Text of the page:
Are Acquisitions the Answer for Amcor?

Amcor Ltd [ASX:AMC] is an Australia based packing company. It’s also a major player in the global packing industry. Given its dominance in the market, Amcor didn’t perform terribly well last year. Share prices generally cycled up and down, never hitting above the $15 mark. But the packaging giant may be off to a good start for 2016.

Amcor Share Price

Source: Yahoo finance

Acquisitions will be key for growth

This morning Amcor announced the acquisition of US-based private company, Deluxe Packages. Amcor will be spending US$45 million for the acquisition in hopes to grow stagnating profits.

Deluxe Packages supplies flexible food packaging for snack providers. The US Company generates annual revenues of around US$42 million from year to year.

Thus, Amcor saw Deluxe as an opportunity to grow their North American business. This is the first acquisition of the year for Amcor. And possibly one of many. Just last year, Amcor acquired four different businesses.

I know what you might be thinking, 2015 was a big year for acquisitions but that doesn’t mean 2016 will be. You could be right for many companies but not Amcor. Managing director of Amcor, Ron Delia stated late last year that ‘acquisitions will be critical to future growth.

Is this a sustainable business model?

Acquisitions aren’t sustainable

Looking at Amcor’s History page on their website, you would think they specialise in takeovers. Sure, it isn’t a bad thing. Acquisitions allow companies to grow and evolve. Yet these acquisitions need to be financed somehow. And it’s usually through debt.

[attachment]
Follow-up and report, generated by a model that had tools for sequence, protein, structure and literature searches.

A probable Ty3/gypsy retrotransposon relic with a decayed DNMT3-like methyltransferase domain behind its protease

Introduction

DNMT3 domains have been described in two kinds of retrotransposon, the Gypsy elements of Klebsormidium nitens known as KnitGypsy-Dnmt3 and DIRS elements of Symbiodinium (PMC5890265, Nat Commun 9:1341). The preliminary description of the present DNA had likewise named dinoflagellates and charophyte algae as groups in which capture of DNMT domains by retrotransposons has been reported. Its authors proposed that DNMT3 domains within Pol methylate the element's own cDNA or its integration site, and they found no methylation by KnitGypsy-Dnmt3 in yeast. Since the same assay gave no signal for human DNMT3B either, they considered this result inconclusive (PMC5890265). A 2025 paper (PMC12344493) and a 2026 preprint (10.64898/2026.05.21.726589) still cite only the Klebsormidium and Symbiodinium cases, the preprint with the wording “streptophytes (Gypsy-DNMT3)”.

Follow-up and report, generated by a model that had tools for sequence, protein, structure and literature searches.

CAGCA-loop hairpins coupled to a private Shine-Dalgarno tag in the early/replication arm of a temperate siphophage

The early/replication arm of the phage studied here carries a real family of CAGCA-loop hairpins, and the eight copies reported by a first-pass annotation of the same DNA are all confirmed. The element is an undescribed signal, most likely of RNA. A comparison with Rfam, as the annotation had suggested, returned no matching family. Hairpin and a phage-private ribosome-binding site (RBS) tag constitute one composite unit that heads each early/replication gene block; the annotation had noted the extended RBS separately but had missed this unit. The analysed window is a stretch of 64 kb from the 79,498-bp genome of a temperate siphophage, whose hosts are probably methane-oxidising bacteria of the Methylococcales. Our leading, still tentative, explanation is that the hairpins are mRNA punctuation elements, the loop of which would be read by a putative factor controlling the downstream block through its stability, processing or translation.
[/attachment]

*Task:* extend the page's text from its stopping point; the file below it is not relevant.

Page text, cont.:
I’ve always been told there is good debt and there is bad debt. Good debt is when you might borrow to buy an asset that yields income. A loan for a house or an investment yielding guaranteed returns. Bad debt is usually the opposite of good debt. Borrowing money to buy a car or consumer goods would be a form of bad debt.

Is acquisition debt a form of good debt?

It depends on many factors such as: the motives for the acquisitions; the amount of capital spend and; weather the acquisition will add value to shareholders.

Amcor has doubled their interest incurring liability’s (debt) since 2014. The debt levels are understandable. But shareholders will need to determine if continual acquisitions are worth it.

How will Amcor perform going into 2016?

Amcor is definitely a strong company. It has had huge growth in revenues and cash flows on the back of acquisition. However, Amcor may need to step back and manage their debts.

If debt starts to become a problem then there may be fewer acquisitions in the future. If ‘acquisitions will be critical to future growth’ then it’s probably not best to burn through cash by taking over too many competitors right away.

The most recent North American acquisition ‘is an attractive region for flexible packaging’ Mr Delia said. ‘This acquisition represents an excellent opportunity to accelerate profitable growth,’ he further added.

Time will tell if the most recent acquisition will strengthen Amcor’s North American operations. But more might not be the best course of action with extremely high levels of debt.

Härje Ronngard,

Junior Analyst, Money Morning

Money Morning is Australia’s most outspoken financial news service. Your Money Morning editorial team are not afraid to tell it like it is. From calling out politicians to taking on the housing industry, our aim is to cut through the hype and BS to help you make sense of the stories that make a difference to your wealth. Whether you agree with us or not, you’ll find our common-sense, thought provoking arguments well worth a read.

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